Johannesburg - The credibility of a witness testifying for convicted terrorist Henry Okah was questioned by the High Court in Johannesburg on Monday during sentencing proceedings.
Prosecutor Shaun Abrahams asked lawyer Tony Nnadi if he was aware of the evidence which was uncontested before the court, including Okah's supplying of arms, military attire and explosives to people.
Nnadi responded: “I am not personally aware of it, but read some reports in the media.”
The Nigeria-based lawyer told the court that the imposition of a lesser sentence on Okah could help maintain peace in his home country and said he had held telephonic “peace-talks” with Okah since 2009.
However, Nnadi told the court he was not sure about the conditions under which Okah received amnesty in Nigeria in July 2009.
“The real reason Okah received amnesty is because Movement for the Emancipation of the Niger Delta (MEND) senior leaders said they would lay down arms,” Abrahams said.
“Are you aware that the mind of the accused the time after receiving amnesty was to contact the State witnesses to ask them to tell MEND leaders to not surrender their arms?” he asked.
Nnadi responded: “I was not aware of this.”
Abrahams asked Nnadi if he had been in contact with the people affected by the bombings in October 2010.
He initially responded that he did not, but that he knew what it felt like to be affected.
Judge Neels Claassen asked for a “simple answer” about whether he had spoken to any of the relatives of those who were injured or were killed.
Nnadi said he had, but could not remember their names as there were a lot of them.
Abrahams responded: “I put it to you that you are being absolute disingenuous when you say you spoke to anyone.”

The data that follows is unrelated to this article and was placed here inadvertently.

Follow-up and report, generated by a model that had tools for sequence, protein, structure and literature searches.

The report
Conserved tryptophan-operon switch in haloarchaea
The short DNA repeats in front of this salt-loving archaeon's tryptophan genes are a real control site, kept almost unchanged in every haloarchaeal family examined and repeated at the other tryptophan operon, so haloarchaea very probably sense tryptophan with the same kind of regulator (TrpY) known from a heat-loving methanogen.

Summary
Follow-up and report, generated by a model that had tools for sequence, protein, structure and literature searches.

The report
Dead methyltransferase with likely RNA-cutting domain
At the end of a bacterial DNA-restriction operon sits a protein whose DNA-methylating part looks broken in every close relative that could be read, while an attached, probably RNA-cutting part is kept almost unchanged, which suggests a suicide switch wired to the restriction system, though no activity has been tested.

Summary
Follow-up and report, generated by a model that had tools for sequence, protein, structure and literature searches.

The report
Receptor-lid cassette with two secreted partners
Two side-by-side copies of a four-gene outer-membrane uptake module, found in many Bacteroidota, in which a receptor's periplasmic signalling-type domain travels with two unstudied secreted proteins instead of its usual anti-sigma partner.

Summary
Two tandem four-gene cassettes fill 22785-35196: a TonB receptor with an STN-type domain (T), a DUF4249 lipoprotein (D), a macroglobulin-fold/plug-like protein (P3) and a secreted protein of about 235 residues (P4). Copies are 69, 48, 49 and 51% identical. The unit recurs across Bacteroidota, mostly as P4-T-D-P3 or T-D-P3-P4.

Nnadi's testimony was also interrupted when, about 20 minutes into his evidence, which was led by Okah's advocate JP Marais, Abrahams objected and said he did not understand its relevance.
“I fail to understand what the witness is saying, with all due respect,” he said.
Claassen asked Nnadi to keep his answers short and not to “lecture” the court on various topics from South African history, law, former president Nelson Mandela, the African National Congress and sentencing proceedings.
Dressed in white, Okah's wife Azuka sat in the third row of the public gallery listening attentively to the proceedings.
When Abrahams asked about the bombings, she bowed her head.
Okah, who wore a red and blue checked T-shirt, sat in the heavily-guarded courtroom looking at the lawyers and judge as they spoke. He occasionally turned around to look at his wife.
When asked about the peace-talks, Nnadi said he started looking for Okah in 2007, but was put in touch with him in 2009 after he arrived in South Africa.
Abrahams said the evidence before the court was that Okah had supplied military attire, arms and explosives, despite the peace-talks.
Asked about the NGOs he represented, Nnadi said they were not recognised by law because “it was not absolutely necessary” and their funding was private.
On Tuesday, Abrahams is expected to respond to an application by Okah to declare his trial irregular.
On Monday, Marais submitted there were three irregularities with the trial: that a State witness was not properly identified; that Okah was not given consular assistance; and that the court did not help get defence witnesses to South Africa to testify.
On January 21, Okah was found guilty on 13 counts of terrorism, including engaging in terrorist activities, conspiracy to engage in terrorist activities, and delivering, placing, and detonating an explosive device.
The charges related to two car bombs in Abuja, Nigeria, in which 12 people were killed and 36 injured on October 1, 2010, the anniversary of the country's independence.
During judgment in January, Claassen said the State had proved Okah's guilt beyond a reasonable doubt, and his failure to testify meant the evidence against him remained uncontested.
He found no evidence that Okah did not head MEND, which claimed responsibility for the blasts. During the trial, Okah denied any involvement and said the charges against him were politically motivated.
Proceedings resume on Tuesday morning. - Sapa